The subject matter expert teams will report to the Executive Advisory Group (EAG) - an advisory group comprised of legislators, higher education commissioners, business leaders, leaders of state higher education institutions, and student, parent, faculty and provost advocates. The EAG is charged with digesting the work that the Expert Teams have conducted; help to resolve any conflicts that may arise through the granular process; provide guidance, as necessary, to the Expert Teams for additional issues to take into consideration; and, ultimately make clear recommendations about what is best for Colorado to the CCHE for final adoption.
Lastly, the final decision maker, and the body that is ultimately responsible for adopting the final plan, is the CCHE. CCHE is the governing body that is charged with meeting the objectives and directives of 1319. CCHE will be provided regular reports on the progress of the project; resolve any conflicts that were not able to be resolved at the EAG level; provide guidance, if necessary to the EAG for issues to take into consideration; and, finally adopt the new funding model and provide a final report on the outcomes of the Project. On an ongoing basis, the CCHE will make an annual recommendation on tuition policy given the formula outputs and state policy priorities.
Through the process, from the ground up, the outcomes of this Project will incorporate the views and priorities of the “interested parties” and have been fully vetted inclusively and transparently.
All 1319 meetings are open to the public and information about date, time, and location will be posted on this page.
Across the country, many other states are having this same important discussion: What are our priorities regarding higher education? What are the needs of our economy? How do we best invest in the future of our workforce? How do we best invest in the future of our state?
According to a recent NCSL article on Performance-Based Funding for Higher Education, 25 other states have engaged in a similar discussion around performance funding for higher educaiton and five states - including Colorado - are currently in the midst of developing performance funding models. This project will examine successes and lessons learned in other states and take advantage of that knowledge.
But this conversation is about more than creating a formula. It’s about the importance of higher education as an economic and civic engine for our state.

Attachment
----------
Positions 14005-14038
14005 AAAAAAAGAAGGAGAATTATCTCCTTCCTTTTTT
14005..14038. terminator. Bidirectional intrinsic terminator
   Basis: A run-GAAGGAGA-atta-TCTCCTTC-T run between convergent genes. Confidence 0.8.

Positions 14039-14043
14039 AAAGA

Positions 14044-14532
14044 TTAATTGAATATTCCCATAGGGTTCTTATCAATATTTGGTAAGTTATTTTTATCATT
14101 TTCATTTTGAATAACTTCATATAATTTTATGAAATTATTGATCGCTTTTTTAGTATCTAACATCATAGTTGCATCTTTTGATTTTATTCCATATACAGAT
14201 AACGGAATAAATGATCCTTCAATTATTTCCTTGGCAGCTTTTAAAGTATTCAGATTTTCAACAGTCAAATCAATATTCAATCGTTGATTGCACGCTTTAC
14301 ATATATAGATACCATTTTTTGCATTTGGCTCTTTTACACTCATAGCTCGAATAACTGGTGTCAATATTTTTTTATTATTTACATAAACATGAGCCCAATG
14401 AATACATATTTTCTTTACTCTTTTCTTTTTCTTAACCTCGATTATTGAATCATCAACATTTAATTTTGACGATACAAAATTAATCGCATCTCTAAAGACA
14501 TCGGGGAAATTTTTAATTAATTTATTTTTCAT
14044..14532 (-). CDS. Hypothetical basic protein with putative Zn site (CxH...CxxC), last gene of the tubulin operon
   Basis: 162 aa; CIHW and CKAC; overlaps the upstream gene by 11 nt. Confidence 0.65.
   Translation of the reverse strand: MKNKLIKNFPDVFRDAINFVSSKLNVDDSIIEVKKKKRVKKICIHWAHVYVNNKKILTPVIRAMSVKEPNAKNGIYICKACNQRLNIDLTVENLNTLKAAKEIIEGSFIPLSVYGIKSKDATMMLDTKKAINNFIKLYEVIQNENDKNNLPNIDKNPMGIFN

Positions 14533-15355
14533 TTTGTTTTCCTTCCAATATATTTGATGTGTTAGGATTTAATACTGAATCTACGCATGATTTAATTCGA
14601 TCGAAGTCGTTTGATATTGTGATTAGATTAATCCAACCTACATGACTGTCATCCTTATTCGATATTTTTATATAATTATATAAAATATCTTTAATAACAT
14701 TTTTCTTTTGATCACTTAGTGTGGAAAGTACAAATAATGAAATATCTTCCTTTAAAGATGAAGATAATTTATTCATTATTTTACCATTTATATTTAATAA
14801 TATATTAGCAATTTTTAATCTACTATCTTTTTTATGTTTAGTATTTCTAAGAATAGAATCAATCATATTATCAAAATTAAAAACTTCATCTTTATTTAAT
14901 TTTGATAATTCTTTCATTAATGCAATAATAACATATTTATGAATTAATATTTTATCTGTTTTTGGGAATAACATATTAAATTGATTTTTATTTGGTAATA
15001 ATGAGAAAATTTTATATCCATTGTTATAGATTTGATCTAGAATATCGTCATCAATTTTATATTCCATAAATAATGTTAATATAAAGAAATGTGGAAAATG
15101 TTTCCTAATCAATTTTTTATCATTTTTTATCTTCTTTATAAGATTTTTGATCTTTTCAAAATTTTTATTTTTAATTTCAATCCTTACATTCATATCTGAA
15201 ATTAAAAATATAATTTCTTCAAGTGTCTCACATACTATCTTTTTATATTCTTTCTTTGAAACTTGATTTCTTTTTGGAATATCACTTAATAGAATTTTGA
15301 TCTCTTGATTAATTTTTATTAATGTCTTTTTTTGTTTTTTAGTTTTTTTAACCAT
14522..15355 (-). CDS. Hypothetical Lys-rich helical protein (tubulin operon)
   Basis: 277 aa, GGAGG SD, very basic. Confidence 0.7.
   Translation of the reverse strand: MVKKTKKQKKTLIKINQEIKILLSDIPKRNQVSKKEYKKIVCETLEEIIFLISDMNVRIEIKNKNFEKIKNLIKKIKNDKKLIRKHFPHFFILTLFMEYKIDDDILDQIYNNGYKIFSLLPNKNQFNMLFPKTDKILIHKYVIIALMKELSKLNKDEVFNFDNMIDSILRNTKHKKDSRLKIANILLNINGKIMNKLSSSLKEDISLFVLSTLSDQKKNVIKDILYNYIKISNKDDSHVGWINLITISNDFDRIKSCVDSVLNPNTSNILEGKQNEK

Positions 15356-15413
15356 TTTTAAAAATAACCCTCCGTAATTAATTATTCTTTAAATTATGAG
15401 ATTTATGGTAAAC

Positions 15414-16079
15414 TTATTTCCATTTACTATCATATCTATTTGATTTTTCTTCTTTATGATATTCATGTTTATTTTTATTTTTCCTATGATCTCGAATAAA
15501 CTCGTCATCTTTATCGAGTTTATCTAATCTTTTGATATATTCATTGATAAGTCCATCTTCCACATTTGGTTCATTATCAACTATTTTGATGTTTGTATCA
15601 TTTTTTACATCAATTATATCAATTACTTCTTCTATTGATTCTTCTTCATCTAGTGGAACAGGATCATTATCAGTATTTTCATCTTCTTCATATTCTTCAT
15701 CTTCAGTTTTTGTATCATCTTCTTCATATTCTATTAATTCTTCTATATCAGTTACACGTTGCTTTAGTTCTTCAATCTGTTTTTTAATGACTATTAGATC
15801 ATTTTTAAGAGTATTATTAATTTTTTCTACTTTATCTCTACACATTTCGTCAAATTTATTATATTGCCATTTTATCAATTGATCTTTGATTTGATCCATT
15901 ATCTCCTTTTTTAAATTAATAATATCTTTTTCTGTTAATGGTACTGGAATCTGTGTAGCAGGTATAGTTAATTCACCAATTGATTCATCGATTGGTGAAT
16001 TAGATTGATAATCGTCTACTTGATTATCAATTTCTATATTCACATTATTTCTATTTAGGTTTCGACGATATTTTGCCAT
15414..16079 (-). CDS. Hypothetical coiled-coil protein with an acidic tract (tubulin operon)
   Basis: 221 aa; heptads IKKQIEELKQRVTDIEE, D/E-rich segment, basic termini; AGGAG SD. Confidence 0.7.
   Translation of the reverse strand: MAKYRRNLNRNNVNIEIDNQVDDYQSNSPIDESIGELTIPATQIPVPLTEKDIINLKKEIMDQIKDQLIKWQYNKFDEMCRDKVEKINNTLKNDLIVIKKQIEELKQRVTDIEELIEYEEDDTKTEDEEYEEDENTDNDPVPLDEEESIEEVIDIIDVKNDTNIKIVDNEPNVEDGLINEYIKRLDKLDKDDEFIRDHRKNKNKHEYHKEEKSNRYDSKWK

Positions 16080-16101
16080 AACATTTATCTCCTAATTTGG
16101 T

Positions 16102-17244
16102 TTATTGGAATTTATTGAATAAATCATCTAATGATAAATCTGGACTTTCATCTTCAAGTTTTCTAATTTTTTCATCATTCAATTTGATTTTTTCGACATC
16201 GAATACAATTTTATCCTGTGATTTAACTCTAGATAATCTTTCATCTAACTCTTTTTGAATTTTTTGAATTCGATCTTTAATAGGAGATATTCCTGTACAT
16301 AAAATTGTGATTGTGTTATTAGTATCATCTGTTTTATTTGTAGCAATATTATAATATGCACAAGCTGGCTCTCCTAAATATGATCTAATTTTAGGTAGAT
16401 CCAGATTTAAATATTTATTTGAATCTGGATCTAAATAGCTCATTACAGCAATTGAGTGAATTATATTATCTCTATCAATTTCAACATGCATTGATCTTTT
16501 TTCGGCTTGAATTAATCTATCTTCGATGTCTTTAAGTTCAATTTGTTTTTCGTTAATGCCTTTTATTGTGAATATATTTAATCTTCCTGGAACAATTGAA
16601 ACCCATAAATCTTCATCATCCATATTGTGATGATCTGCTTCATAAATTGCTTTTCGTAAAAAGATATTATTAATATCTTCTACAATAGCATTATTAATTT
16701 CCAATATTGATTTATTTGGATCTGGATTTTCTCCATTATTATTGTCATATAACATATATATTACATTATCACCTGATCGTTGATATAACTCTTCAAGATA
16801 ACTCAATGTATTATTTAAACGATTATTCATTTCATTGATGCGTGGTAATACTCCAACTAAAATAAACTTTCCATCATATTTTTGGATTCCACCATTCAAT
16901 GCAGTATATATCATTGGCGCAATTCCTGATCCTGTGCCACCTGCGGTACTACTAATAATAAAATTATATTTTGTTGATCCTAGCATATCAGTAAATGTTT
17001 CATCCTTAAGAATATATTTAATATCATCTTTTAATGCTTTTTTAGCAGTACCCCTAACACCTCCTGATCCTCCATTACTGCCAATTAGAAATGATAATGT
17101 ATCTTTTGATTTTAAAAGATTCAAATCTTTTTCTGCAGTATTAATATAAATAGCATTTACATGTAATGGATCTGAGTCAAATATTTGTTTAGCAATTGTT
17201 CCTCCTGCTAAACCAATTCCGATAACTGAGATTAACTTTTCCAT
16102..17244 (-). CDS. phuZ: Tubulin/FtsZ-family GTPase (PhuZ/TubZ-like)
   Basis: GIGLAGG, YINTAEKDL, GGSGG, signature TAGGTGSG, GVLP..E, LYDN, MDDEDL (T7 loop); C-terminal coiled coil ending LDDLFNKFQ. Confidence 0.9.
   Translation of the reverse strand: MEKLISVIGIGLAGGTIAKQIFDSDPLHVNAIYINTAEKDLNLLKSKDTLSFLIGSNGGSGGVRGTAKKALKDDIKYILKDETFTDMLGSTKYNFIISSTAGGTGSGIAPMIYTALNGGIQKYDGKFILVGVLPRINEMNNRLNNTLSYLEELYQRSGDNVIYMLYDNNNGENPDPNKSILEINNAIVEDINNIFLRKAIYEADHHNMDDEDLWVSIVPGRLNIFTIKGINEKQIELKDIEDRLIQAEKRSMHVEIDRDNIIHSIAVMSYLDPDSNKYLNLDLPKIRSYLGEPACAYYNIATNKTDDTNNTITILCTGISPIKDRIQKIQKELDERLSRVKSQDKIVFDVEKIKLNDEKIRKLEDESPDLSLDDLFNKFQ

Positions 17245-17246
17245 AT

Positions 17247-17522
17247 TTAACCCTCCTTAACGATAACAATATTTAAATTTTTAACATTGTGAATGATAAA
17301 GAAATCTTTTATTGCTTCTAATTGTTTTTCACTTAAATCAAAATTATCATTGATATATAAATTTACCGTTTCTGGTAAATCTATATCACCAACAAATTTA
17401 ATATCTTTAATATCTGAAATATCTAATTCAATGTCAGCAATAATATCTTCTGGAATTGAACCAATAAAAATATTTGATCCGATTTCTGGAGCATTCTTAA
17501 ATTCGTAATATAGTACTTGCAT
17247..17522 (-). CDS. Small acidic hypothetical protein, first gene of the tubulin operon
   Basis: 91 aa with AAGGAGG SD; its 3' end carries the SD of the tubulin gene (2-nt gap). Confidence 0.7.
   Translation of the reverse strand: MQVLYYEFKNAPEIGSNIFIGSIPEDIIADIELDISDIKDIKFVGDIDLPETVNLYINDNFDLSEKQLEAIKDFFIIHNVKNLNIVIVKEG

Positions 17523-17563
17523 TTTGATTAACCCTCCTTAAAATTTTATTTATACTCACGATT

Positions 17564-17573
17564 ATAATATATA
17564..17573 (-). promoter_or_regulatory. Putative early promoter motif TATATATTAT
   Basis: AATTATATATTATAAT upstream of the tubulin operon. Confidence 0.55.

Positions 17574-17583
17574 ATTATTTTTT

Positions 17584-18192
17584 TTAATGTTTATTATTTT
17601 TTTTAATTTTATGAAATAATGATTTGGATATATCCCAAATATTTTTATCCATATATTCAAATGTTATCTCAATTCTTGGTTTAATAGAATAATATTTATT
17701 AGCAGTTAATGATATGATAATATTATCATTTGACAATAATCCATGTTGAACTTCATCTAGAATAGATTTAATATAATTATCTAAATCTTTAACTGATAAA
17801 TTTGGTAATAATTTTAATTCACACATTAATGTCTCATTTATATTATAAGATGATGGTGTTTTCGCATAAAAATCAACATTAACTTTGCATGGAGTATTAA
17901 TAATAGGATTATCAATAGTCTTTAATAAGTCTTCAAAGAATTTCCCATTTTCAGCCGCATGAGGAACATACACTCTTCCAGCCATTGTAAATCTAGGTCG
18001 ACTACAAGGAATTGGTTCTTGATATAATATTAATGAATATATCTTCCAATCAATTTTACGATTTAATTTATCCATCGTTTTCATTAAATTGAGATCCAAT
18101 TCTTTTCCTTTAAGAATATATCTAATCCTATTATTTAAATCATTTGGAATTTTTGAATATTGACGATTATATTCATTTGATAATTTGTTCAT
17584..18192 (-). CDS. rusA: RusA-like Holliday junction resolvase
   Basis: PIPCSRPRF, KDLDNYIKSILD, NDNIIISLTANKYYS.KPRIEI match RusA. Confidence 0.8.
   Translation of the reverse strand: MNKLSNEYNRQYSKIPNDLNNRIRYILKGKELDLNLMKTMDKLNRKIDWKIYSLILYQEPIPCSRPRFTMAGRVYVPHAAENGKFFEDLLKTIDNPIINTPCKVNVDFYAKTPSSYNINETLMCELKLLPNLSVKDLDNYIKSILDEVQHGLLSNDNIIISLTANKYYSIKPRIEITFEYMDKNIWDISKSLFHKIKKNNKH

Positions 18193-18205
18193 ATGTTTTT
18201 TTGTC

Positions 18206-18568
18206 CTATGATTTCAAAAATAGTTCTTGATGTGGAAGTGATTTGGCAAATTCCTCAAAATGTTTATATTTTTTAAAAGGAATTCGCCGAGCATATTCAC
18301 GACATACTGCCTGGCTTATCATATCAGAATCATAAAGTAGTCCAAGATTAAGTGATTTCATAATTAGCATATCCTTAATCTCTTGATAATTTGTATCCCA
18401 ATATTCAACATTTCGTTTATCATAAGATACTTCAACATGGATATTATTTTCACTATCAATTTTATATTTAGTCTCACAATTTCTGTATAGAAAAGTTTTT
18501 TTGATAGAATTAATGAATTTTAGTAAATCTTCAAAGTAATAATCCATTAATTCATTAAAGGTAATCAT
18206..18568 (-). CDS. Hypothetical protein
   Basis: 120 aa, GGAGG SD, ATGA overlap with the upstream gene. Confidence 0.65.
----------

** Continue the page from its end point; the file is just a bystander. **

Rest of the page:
Most people know all about the private benefits of a college degree, and how salaries climb in correlation to the degree earned.
Research also shows people with postsecondary credentials are more engaged citizens, give more to philanthropic causes, are healthier, live longer, are more involved in their children’s education, are less likely to be involved in crime and are less dependent on social welfare programs. Not only that, our state’s campuses are economic engines in their own right, generating $387 million in tax dollars, employing nearly 100,000 people across Colorado and generating an untold number of spinoff businesses.
Higher education is an economic engine for Colorado, helps to create an informed citizenry, and contributes significantly to Colorado’s superior quality of life. In order to ensure the state’s ongoing social, cultural, and economic vibrancy, funding for higher education should be based on the needs of the state, the people of Colorado, and the students. - HB 14-1319
EDITORIAL: State's new higher ed funding formula isn't quite right, Dec. 9, 2014, Greeley Tribune
EDITORIAL: Reward higher ed for performance, Dec. 7, 2014, Denver Post
UNC officials: New higher education funding formula doesn’t accurately measure performance, Dec. 7, 2014, Greeley Tribune
New formula to fund Colorado colleges on performance awaits approval, Nov. 27, 2014, Denver Post
All win – more or less – under new high ed funding model, Nov. 23, 2014, Chalkbeat Colorado
CU likely unaffected by state's new performance-based funding model, Nov. 2014, Daily Camera
New higher education funding formula could leave University of Northern Colorado out in the cold, Nov. 14, 2014, Greeley Tribune
Higher education funding discussion draws crowd, Oct. 10, 2014, University of Colorado Colorado Springs Communique
Adams State supporters speak out at CCHE meeting, Oct. 2, 2014, Adams State University
Higher education funding overhaul seeks Northwest Colorado's input, Sept. 25, 2014, Craig Daily Press, Steamboat Today
Higher ed funding discussed at outreach meeting, Sept. 24, 2014, Sterling Journal-Advocate
Have your say on how the state pays for higher education, Sept. 16, 2014, Chalkbeat Colorado
Group works on funding plan, July 25, 2014, Pueblo Chieftain
New Colorado higher education funding formula coming in December, July 21, 2014, Greeley Tribune
Higher ed system goes back to the drawing board, June 24, 2014, Chalkbeat Colorado
Kachina Weaver, 1319 Project Manager, 303-866-4030 or firstname.lastname@example.org